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Ying Hu, Victoria Huang, Matthew Q. Hill, Alice J. O’Toole; Linking language descriptions and social trait perception of three-dimensional body shapes. Journal of Vision 2020;20(11):581. doi: https://doi.org/10.1167/jov.20.11.581.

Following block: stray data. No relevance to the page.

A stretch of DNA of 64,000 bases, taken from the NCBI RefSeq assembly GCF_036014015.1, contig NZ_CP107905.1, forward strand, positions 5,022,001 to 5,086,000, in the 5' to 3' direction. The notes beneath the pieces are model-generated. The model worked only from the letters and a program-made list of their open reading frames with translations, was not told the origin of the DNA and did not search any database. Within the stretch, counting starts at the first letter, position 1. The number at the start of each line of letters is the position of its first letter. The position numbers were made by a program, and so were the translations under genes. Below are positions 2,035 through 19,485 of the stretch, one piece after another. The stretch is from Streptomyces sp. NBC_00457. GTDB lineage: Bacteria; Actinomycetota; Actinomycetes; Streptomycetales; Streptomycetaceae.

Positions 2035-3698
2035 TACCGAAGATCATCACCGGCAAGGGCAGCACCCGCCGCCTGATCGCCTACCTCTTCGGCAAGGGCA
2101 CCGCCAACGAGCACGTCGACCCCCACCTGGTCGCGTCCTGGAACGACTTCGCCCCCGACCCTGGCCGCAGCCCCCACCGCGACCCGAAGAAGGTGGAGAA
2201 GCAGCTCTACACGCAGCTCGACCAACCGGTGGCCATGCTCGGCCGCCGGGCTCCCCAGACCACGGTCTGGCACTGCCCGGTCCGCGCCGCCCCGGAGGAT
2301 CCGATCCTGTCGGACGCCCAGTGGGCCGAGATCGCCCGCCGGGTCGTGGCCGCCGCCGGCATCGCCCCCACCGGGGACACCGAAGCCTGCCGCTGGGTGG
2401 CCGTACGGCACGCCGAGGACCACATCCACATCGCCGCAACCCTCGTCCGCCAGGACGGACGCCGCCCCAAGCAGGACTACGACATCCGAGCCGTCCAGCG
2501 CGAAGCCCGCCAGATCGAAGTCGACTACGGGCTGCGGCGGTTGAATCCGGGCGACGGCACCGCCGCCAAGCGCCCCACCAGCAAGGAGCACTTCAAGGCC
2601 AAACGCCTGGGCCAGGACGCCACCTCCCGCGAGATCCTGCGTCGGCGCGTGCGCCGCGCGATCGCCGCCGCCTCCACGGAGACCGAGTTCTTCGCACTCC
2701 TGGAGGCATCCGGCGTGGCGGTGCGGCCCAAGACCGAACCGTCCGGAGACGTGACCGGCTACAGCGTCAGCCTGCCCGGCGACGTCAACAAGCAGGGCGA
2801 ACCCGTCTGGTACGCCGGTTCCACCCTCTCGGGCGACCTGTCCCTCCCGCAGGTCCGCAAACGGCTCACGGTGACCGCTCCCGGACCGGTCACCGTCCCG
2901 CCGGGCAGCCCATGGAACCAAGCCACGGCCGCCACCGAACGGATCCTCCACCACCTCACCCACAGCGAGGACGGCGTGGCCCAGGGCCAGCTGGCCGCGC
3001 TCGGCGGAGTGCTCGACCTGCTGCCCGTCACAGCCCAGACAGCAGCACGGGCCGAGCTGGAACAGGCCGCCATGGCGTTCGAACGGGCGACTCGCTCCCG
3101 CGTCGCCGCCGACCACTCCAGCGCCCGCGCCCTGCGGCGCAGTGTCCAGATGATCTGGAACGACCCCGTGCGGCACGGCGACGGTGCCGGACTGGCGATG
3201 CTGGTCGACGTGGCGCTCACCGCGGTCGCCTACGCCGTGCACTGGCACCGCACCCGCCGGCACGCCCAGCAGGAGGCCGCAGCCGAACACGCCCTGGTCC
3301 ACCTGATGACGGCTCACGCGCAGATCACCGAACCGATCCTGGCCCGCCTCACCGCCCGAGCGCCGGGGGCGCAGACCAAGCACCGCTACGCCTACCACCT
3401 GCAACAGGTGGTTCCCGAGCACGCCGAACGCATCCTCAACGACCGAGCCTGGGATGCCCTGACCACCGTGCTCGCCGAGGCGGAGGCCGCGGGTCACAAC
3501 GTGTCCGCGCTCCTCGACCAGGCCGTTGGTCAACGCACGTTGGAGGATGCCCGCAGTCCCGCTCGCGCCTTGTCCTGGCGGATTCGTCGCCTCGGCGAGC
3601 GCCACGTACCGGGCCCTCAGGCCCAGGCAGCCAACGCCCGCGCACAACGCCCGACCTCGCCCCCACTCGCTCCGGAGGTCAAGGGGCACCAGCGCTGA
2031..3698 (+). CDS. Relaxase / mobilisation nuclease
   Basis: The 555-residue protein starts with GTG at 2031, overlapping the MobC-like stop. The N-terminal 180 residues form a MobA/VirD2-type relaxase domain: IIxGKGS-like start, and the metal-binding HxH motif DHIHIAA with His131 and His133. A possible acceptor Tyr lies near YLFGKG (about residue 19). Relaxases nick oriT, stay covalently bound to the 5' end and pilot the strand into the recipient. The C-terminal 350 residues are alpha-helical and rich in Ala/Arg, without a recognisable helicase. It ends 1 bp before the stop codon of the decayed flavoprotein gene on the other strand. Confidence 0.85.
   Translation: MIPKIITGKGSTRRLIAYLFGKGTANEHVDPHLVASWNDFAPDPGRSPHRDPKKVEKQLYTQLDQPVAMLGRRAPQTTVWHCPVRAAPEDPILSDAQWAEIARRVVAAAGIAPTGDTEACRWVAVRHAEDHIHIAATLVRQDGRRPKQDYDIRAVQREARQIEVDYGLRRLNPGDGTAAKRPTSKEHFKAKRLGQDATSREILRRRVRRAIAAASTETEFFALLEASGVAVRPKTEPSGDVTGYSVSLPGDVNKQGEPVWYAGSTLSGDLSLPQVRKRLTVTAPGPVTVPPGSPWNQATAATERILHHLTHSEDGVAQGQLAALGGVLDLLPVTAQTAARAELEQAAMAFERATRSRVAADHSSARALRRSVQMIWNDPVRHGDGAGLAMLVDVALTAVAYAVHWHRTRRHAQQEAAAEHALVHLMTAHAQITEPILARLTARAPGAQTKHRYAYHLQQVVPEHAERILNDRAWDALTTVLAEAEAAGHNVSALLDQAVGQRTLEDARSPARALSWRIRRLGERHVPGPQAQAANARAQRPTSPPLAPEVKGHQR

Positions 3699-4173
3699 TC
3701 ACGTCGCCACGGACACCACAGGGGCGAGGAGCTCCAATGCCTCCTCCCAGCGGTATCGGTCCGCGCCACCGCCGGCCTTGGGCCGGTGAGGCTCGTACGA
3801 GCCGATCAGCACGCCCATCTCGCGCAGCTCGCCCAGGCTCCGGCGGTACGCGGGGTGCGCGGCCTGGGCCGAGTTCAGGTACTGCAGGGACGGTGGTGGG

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Three-dimensional body shapes can be reconstructed using physical attribute descriptions (e.g., skinny, wide shoulders; Hill et al., 2016; Streuber et al., 2016). Body shapes can also predict diverse social trait judgments (e.g., extraverted, lazy; Hu et al., 2018). Here we explored the relationships between body shapes, physical descriptions, and social judgments, bridging the gap between Hill et al. (2016) and Hu et al. (2018). Bodies (N=140; 70 female, 70 male; Hu et al., 2018) were synthesized using normally distributed random values on 10 coefficients in a PCA space from the Skinned Multi-Person Linear Model (Loper et al., 2015), a model derived from laser scans of over 1700 people. Each body was rated (N=38 raters) using 30 physical attribute descriptions. First, we predicted these descriptions from body shape coefficients using multiple linear regression. Body shapes predicted physical descriptions (average cosine similarity between predicted and rated physical descriptions was 0.78 for female and 0.75 for male bodies) more accurately than body shapes predicted social judgments (0.36 for female and 0.39 for male bodies, Hu et al., 2018). Second, we explored the correlations between physical descriptions and trait judgments. Social judgments that indicated high extraversion, conscientiousness, openness, and low neuroticism were positively correlated with skinny, fit and attractive. These judgments were negatively correlated with heavy, round apple, curvy, and broad shoulders. Third, we predicted social trait judgments from physical attribute descriptions. The best-predicted traits were from the extraversion and conscientiousness domains. Physical attribute descriptions predicted trait judgments (average cosine similarity between predicted and rated trait judgments was 0.48 for female and 0.42 for male bodies) more accurately than body shapes predicted trait judgments (0.36 for female, 0.39 for male bodies, Hu et al., 2018). This study provides insights useful for integrating 3D body modeling, verbal descriptions, and social perception of bodies.
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